| The liquid vein demonstration has take on
a new life with the advent of lasers and two-litre plastic soda bottles.
To do the demonstration, fill the uncolored bottle with water and screw
on the cap. Place the bottle at the edge of a table, and shine the laser
beam through it. At the exit point, poke a hole with a sharply-pointed
awl. When you unscrew the bottle cap, the water comes out in a parabolic
arc, with the red laser light following down inside the steam of liquid,
thus demonstrating total internal reflection.
The experiment dates back to the evening of May 19, 1854, when John Tyndall, Professor of Natural Philosophy at the Royal Institution in London, gave a lecture demonstration at the Institution with the title "On some Phenomena connected with the Motion of Liquids." In it he discussed various properties of liquid veins, thin streams of water issuing from holes in the side of a large water tank. At the end of the lecture Tyndall showed how a liquid vein could be used as a pipe to convey light from one place to another. His apparatus was similar to that used shortly afterwards by John Henry Pepper in a demonstration at the Royal Polytechnic Institution at London. The apparatus, including the arc lamp used to generate the light, is shown at the left, below, and at the right, below, is the appearance of the demonstration.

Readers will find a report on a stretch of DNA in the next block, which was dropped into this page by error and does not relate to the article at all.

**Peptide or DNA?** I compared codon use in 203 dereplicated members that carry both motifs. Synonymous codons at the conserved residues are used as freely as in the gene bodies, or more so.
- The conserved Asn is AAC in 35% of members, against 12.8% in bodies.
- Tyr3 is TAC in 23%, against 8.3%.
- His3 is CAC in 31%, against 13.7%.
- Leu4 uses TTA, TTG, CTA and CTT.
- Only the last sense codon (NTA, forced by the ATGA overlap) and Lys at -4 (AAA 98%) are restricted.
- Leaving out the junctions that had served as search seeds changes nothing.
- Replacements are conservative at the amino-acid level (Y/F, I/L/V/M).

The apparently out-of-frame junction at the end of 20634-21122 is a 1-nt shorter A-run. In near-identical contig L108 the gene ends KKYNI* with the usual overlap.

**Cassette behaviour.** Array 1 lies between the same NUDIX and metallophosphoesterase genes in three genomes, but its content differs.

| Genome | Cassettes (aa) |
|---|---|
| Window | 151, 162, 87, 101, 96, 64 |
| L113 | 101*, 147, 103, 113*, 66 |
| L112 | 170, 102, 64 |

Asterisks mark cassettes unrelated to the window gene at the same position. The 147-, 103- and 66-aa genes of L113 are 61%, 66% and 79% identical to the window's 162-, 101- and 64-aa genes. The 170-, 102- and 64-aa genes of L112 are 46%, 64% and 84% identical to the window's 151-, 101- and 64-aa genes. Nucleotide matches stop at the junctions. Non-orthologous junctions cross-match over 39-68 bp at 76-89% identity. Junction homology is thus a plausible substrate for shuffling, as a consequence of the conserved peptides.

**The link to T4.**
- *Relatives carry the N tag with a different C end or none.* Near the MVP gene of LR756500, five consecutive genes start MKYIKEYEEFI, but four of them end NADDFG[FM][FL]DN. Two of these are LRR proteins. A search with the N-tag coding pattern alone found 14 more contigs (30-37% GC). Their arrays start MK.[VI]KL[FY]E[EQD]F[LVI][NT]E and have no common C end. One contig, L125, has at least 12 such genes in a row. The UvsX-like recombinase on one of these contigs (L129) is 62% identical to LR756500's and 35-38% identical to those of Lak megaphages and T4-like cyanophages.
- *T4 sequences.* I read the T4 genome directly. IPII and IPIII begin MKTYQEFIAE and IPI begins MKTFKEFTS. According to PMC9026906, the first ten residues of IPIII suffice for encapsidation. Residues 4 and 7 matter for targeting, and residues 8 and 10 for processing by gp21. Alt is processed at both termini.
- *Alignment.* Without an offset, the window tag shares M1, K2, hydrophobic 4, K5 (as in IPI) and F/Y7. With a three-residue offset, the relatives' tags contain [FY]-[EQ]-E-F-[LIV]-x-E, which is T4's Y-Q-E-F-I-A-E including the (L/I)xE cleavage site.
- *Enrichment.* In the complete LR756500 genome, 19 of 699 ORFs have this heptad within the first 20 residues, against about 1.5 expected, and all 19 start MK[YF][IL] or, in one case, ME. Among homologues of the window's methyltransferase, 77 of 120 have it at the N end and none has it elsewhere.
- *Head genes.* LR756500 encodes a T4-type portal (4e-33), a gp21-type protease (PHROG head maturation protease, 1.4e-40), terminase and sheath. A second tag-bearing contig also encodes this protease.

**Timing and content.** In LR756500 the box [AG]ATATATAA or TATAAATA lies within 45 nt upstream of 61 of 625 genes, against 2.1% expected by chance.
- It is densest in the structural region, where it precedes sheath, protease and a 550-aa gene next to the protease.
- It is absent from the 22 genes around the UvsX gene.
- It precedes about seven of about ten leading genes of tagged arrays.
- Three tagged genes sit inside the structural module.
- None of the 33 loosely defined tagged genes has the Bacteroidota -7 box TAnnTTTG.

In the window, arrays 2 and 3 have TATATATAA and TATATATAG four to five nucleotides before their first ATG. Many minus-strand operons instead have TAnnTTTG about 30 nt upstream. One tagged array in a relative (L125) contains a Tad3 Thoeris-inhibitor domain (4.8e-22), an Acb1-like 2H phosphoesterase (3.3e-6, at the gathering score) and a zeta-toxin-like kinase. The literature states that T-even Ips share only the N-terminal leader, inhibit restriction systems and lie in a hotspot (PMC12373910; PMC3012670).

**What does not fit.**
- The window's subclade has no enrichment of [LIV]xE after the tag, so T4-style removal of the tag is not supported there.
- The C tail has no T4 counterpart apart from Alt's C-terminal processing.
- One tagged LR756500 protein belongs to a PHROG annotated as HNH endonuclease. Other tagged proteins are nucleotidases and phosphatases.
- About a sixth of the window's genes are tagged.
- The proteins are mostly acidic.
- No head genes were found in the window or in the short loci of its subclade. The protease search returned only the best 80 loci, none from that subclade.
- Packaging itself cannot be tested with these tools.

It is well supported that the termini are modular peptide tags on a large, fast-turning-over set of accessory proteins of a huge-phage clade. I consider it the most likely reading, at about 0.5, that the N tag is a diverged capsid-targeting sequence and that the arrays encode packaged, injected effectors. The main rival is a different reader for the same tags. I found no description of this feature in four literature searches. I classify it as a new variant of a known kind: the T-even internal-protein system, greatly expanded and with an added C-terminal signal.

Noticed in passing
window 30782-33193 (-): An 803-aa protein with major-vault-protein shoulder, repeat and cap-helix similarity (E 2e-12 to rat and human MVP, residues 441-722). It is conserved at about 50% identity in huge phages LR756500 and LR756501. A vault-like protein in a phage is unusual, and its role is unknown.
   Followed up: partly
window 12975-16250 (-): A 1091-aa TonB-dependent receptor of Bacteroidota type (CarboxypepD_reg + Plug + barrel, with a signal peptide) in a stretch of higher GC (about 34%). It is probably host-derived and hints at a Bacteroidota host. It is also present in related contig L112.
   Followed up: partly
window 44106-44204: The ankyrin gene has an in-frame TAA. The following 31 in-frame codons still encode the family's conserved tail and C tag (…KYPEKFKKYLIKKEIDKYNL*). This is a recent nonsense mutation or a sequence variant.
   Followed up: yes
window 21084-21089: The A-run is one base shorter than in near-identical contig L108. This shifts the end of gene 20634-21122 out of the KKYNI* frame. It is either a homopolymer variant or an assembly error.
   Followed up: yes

The green vertical box at the left is at Hampden-Sydney College in Virginia. It is unmarked, but probably was made ca. 1880 in Europe.
|| I found the apparatus at the left in one of the physics
demonstration rooms at the University of Texas in Austin during a visit
in January 2003. The small orifice half-way up and the glass plate opposite
it are standard for the demonstration. The addition of the color wheel
is a nice touch. However, the inlet and valve at the bottom are unusual,
unless they are part of the mechanism for filling the device with water.
The apparatus is unmarked, but clearly seems to be made by an apparatus manufacturer.
REF: Thomas B. Greenslade, Jr., "Nineteenth Century Textbook Illustrations LVII...The Liquid Vein", Phys. Teach, 35, 207 (1997)
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